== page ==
Why Building An Organizational Chart Is Important To Your Company

In this video, Jonathan explains why creating an organizational chart is important to the growth of your business.

This is an idea for larger companies. This will resonate more if you are running a bigger operation…probably in the multi-million dollar range. It doesn’t only have to be an exercise for someone that’s running a multi-million dollar company, you could absolutely find value in this at seven hundred and fifty thousand and above. I’ve historically been fairly negative on things like mission statements and organization charts and employee handbooks and all of that. I won’t even go into why. However, I am coming around to some of these items, not all of it, but some of them in a different version and something that I’ve been working on more recently is a functional organizational chart.

This is a scenario where you basically go through and you think about all of the roles in the company that you have now and what you’ll need in the next couple years imagining where you’re going, so it’s based on your plan. If you’re at a million and you’re going to two, okay what roles will that create inside your company. You lay all of these out, for sales and marketing, for finance, for the leader of the company, sort of the CEO role for the operation side of the company, for the COO, for HR, things of that sort, ans you lay it out. Then you have your field, of course, and you lay that out as well.

What you do is you think through, let’s just use sales and marketing, you think through all of the functions within sales and marketing. You’ve got to have your marketing people to create your blog posts. You’ve got to have your marketing people to run your online marketing. You’ve got to have design people for your website. You’ve got to have your people to do print marketing.

Now, some of these people will be internal people, some of these people will be vendors that you outsource things to. If you go through each of your major areas, as I described, you think about the big functional areas under CEO, under COO, under sales and marketing. You make that list and then you start to put names to that list of the people that work in the organization and currently fill that role. What you’ll find is some of those people do way too many things. You’re going to have to get a lot of stuff off their plate if you want to scale the company.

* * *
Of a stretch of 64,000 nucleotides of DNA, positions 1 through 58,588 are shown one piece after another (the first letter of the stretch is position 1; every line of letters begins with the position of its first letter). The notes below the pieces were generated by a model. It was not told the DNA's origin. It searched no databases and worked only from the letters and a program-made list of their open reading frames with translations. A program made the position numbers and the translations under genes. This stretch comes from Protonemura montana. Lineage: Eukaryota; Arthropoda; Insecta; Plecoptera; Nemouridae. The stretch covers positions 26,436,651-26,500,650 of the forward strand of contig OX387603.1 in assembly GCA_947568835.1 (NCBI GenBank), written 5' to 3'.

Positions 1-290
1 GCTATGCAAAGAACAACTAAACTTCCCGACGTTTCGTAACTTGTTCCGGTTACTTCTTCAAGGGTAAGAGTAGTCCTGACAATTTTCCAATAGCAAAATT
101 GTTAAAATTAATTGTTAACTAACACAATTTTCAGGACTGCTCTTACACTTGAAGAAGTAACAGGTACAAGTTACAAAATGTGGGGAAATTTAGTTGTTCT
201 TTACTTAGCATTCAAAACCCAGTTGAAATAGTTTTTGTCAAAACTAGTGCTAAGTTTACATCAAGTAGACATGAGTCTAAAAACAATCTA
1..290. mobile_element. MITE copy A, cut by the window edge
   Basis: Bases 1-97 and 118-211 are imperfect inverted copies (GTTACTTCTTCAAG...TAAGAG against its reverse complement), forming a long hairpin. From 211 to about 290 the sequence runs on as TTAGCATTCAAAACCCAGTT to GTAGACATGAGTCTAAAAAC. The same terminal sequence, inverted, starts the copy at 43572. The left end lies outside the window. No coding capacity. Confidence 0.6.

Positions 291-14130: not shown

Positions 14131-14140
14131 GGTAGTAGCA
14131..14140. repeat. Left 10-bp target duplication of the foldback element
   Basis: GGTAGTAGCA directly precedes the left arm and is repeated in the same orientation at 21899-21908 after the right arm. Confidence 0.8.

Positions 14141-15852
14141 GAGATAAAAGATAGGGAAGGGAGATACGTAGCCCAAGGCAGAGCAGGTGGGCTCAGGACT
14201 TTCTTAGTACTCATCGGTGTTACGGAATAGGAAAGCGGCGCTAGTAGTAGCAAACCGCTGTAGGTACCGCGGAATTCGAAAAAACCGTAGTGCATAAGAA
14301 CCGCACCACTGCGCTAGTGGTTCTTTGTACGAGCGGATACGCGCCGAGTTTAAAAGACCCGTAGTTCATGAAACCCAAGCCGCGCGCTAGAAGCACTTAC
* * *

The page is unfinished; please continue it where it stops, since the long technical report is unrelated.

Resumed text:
You’ll also find that you have a lot of gaps, especially if you’re going from one million to two and you’ve got all of these things you’ve got to do to get there and you’ve got nobody’s name next to that thing. That starts to show you where you have gaps in your organization where you’re going to have to hire somebody to come in and fill those gaps so they can handle that functional area of the business. Or, you’re going to have to hire a contractor or a vendor to fill that spot versus an in-house employee.

I have a different view of the organizational chart now. I spent a lot of time in the very beginning of CitiTurf creating an operational chart and writing out the roles and responsibilities of each function only to find I wasted a lot of work on that not to really use it. I think that what I’ve just described is way more usable. What it does is it highlights in your mind where you have people doing too many things and it highlights in your mind where you have holes and gaps that you have to fill in. Then, based on your plan that you’ve made of where you want to go in the next year, two, three years, you can figure out who you’re going to have to hire to fill these slots and you can back into your plan and figure out when you’re going to need them.

If you know that to go from one to two million, you’ve got to start doing pay per click advertising, I’m going to stick with my sales and marketing idea here for a moment, you know that you need somebody to go strike strategic relationships with companies in your marketplace. You have nobody’s name in that area and you know that, for example, striking strategic relationships, if you feel you’re guessing that’s worth three hundred thousand to you over the course of a year, and you need that three hundred thousand to hit that goal, then you better start that right now. You can’t wait until August to start doing that because they won’t be able to bring in the three hundred thousand.

Hope that made sense, in terms of what I just said. My point is when you find these gaps and you compare them to your goal, your revenue goal, or growth goal or whatever it is, you can then back in to your plan and figure out when you need to hire people. It also can show you where you’re unrealistic. If you make a plan to go from one million to two million and you back into that plan and say you’ve got to hire nine people right now and that’s going to cost you five hundred and fourteen thousand in labor and expense and burden and all of that. If you don’t have that kind of money and you can’t do it, well then, your plan isn’t realistic to double this year, you don’t have enough cash, you don’t have enough money in the bank to do it. Then, you can revise that plan or you can get creative to figure out how to pull it off.

It’s quite telling. It’s a telling exercise. It’s one worth considering and it’s an alternative approach to the traditional building of an organization chart for your business.

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